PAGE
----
At a meeting held recently in Lagos, operators in the carbonated soft drinks sub-sector of MAN said that such a move would spell doom for the soft drinks sector as the effect of the prevailing N10 per litre tax regime is already crippling the sector with its biting effects on their businesses.
It is projected that the decline will hit 25 percent by December 2022, if not reviewed.
The operators said the study excluded the cost of write-offs of products manufactured, which were excised but not sold.
“Most certainly, the additional 20 percent will not only kill the sector but result in the loss of revenue by the federal government and a consequential phenomenal loss of jobs by various layers of the Nigerian workforce,” the operators said in a position paper released at the end of the meeting.
During the meeting, the group said the manufacturing industry contributes 15 percent to the gross domestic product (GDP) of the Nigerian economy, while the food and beverage sector contributes five percent.
It added that with a payment of N202 billion to the government on value-added tax (VAT) and N207 billion in company income tax, an enormous amount that would be lost by the federal government if the sector is allowed to collapse, which will have a multiplier effect on infrastructural development and growth of the already troubled economy.
Quoting the National Bureau of Statistics (NBS), the association said the food and beverage division of the economy in the last five years generated 1.5 million jobs — both direct and indirect.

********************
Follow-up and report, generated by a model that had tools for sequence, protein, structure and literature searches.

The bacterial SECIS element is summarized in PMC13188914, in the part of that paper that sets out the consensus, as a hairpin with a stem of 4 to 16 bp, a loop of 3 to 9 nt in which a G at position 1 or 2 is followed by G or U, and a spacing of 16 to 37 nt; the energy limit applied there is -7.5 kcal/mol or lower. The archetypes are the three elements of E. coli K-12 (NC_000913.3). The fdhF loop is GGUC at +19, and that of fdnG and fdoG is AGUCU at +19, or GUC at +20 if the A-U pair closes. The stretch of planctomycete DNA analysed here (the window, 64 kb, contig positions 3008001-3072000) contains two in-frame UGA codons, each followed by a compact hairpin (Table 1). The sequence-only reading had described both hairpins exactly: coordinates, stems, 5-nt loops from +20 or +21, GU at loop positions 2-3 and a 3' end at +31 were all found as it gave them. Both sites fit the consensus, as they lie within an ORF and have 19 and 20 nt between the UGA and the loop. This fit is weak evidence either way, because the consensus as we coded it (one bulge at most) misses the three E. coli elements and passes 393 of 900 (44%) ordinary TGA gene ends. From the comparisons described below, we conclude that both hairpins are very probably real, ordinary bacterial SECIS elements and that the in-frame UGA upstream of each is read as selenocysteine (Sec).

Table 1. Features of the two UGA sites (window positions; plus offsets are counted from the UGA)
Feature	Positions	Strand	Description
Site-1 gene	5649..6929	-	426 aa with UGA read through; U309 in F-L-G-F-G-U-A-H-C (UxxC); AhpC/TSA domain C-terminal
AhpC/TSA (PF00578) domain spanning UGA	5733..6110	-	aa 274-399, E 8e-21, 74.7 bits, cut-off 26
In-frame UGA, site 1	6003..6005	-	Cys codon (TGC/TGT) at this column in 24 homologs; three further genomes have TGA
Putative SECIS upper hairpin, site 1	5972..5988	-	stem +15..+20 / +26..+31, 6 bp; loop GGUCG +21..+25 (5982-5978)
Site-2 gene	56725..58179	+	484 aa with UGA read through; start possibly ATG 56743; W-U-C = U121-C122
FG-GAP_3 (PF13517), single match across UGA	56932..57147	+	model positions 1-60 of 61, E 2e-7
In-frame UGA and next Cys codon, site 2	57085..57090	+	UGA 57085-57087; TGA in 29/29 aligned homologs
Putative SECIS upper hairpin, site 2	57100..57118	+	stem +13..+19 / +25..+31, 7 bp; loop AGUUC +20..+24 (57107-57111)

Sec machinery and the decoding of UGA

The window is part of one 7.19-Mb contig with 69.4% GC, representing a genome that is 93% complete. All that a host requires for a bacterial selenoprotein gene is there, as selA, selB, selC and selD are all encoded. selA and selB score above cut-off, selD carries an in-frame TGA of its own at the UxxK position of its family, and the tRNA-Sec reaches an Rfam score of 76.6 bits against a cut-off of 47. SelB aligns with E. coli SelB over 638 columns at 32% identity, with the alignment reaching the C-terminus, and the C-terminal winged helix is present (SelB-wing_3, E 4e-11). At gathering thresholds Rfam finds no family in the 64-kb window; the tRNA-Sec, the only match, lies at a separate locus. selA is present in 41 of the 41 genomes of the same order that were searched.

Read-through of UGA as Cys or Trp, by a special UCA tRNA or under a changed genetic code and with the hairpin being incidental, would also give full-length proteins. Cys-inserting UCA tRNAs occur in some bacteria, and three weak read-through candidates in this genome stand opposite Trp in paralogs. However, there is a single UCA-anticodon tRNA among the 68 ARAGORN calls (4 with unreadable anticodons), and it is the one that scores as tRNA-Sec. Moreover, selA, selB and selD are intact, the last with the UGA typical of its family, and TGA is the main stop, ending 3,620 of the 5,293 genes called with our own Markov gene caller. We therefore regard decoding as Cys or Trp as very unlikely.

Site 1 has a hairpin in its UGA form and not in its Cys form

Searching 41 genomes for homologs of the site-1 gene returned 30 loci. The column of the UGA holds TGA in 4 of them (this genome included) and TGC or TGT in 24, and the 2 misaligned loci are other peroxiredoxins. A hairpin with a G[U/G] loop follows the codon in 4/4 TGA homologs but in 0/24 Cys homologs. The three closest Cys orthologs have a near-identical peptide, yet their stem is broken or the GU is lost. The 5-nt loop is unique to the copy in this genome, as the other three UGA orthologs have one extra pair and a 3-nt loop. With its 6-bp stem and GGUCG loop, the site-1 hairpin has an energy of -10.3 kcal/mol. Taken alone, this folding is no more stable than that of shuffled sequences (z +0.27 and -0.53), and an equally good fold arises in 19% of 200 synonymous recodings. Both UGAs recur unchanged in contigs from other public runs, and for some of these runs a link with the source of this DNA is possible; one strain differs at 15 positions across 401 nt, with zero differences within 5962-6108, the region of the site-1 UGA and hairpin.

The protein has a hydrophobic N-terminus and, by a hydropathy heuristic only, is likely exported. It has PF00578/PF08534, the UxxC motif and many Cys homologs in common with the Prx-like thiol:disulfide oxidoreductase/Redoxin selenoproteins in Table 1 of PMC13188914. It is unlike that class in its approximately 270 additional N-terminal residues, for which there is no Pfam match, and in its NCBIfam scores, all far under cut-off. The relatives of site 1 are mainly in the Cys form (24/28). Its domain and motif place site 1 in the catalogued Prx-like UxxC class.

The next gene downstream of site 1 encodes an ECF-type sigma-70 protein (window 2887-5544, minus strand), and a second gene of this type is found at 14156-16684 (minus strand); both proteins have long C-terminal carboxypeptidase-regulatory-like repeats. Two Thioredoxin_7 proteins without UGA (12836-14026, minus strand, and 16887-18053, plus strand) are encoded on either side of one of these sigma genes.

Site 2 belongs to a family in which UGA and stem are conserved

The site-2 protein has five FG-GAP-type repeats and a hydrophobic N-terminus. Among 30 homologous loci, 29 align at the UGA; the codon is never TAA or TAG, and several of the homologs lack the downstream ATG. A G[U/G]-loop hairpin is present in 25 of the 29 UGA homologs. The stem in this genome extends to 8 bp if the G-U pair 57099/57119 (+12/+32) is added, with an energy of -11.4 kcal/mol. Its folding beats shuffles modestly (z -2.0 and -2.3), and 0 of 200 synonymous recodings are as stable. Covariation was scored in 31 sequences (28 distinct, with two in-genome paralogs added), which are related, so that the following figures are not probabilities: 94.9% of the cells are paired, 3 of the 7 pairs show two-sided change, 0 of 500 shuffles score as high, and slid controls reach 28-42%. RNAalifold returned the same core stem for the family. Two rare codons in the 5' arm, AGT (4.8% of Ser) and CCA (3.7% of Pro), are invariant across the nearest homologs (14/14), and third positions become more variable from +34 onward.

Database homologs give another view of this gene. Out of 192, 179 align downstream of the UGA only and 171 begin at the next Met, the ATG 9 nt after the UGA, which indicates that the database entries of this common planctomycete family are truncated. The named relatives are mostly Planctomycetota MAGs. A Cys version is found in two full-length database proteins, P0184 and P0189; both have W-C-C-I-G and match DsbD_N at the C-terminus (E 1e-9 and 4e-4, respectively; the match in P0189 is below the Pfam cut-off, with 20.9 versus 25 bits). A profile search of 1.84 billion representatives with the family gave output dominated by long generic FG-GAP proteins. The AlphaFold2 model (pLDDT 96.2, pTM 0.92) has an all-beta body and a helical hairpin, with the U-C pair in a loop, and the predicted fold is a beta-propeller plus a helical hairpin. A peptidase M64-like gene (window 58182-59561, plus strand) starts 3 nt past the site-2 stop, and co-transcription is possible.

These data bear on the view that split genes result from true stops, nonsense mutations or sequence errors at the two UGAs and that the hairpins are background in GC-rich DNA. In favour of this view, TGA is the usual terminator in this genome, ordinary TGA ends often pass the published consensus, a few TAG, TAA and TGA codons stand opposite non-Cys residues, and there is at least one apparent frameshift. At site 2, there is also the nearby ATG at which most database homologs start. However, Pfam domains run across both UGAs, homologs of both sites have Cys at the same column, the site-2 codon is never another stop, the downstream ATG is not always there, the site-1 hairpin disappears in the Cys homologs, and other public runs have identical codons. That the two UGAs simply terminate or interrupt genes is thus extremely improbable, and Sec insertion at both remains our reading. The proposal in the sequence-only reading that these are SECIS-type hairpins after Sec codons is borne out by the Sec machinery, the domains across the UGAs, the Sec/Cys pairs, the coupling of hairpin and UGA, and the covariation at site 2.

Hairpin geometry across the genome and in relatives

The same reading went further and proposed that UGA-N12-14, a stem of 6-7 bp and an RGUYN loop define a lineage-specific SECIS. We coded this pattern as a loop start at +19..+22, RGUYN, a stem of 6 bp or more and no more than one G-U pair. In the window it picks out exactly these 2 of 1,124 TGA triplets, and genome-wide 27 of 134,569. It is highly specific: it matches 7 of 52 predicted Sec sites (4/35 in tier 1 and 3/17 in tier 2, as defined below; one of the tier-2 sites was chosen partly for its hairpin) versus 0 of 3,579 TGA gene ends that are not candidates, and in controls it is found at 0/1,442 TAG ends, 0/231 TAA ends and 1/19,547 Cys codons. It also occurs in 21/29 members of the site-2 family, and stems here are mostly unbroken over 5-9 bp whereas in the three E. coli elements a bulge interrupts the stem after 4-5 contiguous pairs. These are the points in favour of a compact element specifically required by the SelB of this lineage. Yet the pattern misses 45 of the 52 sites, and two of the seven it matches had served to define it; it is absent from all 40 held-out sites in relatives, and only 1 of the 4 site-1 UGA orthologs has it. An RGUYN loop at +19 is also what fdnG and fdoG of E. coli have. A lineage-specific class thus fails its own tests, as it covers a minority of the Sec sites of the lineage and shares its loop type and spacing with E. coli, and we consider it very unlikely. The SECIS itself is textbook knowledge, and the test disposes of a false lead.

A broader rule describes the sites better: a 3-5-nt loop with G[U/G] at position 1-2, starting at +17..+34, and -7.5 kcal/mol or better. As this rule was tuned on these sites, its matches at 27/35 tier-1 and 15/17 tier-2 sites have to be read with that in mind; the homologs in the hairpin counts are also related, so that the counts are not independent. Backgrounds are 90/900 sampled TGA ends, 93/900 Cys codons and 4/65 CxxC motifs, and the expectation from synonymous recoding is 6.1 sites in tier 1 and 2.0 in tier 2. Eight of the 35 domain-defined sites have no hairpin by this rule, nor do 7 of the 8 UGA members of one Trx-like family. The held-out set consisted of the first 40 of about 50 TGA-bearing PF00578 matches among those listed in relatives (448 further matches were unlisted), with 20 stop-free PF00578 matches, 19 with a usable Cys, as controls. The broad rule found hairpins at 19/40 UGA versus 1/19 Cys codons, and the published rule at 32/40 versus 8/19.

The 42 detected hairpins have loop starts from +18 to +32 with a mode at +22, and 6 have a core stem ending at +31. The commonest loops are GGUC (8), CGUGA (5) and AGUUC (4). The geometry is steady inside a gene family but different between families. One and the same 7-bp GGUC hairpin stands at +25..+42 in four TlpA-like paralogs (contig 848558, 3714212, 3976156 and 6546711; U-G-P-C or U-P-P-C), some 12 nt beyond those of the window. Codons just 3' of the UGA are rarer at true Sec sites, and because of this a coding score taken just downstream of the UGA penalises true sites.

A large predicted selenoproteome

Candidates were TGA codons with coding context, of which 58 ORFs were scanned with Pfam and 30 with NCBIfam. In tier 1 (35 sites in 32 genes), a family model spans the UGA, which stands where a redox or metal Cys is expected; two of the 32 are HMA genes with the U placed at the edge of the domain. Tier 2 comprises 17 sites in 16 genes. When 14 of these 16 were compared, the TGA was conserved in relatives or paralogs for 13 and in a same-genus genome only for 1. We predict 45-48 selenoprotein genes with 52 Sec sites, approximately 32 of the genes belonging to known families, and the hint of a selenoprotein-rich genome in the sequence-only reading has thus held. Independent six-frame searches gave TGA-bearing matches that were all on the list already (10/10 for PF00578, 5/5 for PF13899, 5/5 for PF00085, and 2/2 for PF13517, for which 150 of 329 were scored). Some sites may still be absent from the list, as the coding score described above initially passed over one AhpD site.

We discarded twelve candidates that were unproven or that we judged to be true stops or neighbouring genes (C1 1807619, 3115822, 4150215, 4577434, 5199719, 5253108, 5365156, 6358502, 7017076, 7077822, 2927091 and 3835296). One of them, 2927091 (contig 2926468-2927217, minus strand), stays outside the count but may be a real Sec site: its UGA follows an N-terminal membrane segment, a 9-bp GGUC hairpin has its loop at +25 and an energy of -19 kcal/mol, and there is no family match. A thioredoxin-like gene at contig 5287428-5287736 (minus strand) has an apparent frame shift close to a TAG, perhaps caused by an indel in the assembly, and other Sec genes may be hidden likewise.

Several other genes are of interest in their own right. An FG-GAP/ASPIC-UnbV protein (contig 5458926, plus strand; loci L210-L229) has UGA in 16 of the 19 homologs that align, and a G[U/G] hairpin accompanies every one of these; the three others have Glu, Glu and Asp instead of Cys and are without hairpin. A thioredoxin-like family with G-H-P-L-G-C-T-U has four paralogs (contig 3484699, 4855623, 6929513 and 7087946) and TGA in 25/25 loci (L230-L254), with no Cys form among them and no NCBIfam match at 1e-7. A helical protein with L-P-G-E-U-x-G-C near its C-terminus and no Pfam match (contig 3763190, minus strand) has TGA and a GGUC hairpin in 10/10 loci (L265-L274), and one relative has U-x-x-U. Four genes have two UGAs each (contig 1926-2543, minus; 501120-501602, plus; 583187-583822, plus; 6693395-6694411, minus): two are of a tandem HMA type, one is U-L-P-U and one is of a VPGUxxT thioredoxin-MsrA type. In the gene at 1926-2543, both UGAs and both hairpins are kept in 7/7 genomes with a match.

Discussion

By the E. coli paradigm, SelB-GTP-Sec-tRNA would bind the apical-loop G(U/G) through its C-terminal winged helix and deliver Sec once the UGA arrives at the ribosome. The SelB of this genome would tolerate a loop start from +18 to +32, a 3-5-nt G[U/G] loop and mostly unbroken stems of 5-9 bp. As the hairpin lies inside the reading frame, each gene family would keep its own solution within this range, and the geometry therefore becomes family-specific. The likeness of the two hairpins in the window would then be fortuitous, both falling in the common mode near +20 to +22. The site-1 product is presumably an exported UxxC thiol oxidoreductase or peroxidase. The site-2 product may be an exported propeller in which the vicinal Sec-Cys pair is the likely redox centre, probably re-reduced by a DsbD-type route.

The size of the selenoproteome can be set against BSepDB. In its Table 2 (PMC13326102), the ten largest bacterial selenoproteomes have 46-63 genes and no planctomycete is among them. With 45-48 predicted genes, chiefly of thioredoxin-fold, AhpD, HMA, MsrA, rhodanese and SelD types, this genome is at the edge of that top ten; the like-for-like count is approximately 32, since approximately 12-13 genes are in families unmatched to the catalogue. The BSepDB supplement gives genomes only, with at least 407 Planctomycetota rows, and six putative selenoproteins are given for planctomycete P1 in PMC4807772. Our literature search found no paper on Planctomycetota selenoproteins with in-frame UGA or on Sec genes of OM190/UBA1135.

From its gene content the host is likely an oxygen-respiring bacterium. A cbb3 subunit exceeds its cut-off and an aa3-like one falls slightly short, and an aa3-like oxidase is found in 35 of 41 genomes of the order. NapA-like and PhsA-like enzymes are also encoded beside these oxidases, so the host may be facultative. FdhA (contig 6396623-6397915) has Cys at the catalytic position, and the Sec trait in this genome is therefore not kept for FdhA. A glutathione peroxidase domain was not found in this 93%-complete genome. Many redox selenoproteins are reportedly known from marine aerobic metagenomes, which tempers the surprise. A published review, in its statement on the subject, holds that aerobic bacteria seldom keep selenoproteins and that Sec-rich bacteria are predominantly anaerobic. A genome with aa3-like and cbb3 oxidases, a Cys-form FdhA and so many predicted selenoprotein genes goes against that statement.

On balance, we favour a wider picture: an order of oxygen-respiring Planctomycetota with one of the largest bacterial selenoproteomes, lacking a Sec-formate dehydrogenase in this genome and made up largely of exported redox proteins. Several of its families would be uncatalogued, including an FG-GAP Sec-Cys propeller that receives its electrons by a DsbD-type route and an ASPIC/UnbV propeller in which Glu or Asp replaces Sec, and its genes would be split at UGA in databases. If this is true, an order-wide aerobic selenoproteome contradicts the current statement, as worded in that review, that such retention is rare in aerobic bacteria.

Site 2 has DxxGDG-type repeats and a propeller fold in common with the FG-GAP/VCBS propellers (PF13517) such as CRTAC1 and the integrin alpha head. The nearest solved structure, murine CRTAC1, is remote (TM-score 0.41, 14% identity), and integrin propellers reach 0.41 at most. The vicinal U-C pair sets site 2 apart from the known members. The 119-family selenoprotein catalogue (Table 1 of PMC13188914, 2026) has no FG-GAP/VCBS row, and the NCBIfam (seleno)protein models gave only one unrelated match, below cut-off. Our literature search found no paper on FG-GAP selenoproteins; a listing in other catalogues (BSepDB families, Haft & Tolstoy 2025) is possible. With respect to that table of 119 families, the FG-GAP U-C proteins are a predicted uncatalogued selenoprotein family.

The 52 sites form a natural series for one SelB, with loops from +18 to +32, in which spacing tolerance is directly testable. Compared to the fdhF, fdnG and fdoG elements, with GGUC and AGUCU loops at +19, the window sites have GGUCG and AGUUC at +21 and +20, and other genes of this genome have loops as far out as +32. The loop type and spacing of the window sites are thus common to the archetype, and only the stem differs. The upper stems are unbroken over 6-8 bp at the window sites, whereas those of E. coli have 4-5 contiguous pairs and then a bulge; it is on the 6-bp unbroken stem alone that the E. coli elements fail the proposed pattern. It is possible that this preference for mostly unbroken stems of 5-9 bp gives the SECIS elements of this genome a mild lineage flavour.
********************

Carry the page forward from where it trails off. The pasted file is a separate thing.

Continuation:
It said from 2020 to date, some companies in the sector have been striving to pay minimum tax, which is a pointer to the fact that the business climate is deteriorating, as the companies are finding it difficult to carry out their operations effectively.
MAN decried the devastating effects of the N10 per litre tax, saying that it has become burdensome with the high cost of operation in the country and its constituent elements.
According to the group, the tax is already having devastating effects on the end cost to consumers considering their poor economic condition.
They lamented that with an additional 20 percent tax, the collapse of the soft drinks sector was imminent.
MAN said it would be “catastrophic” as thousands of jobs could be affected and the ultimate aim of the government in collecting revenue completely defeated.
The group called for the suspension of the proposed tax by the federal government to forestall the collapse of the industry.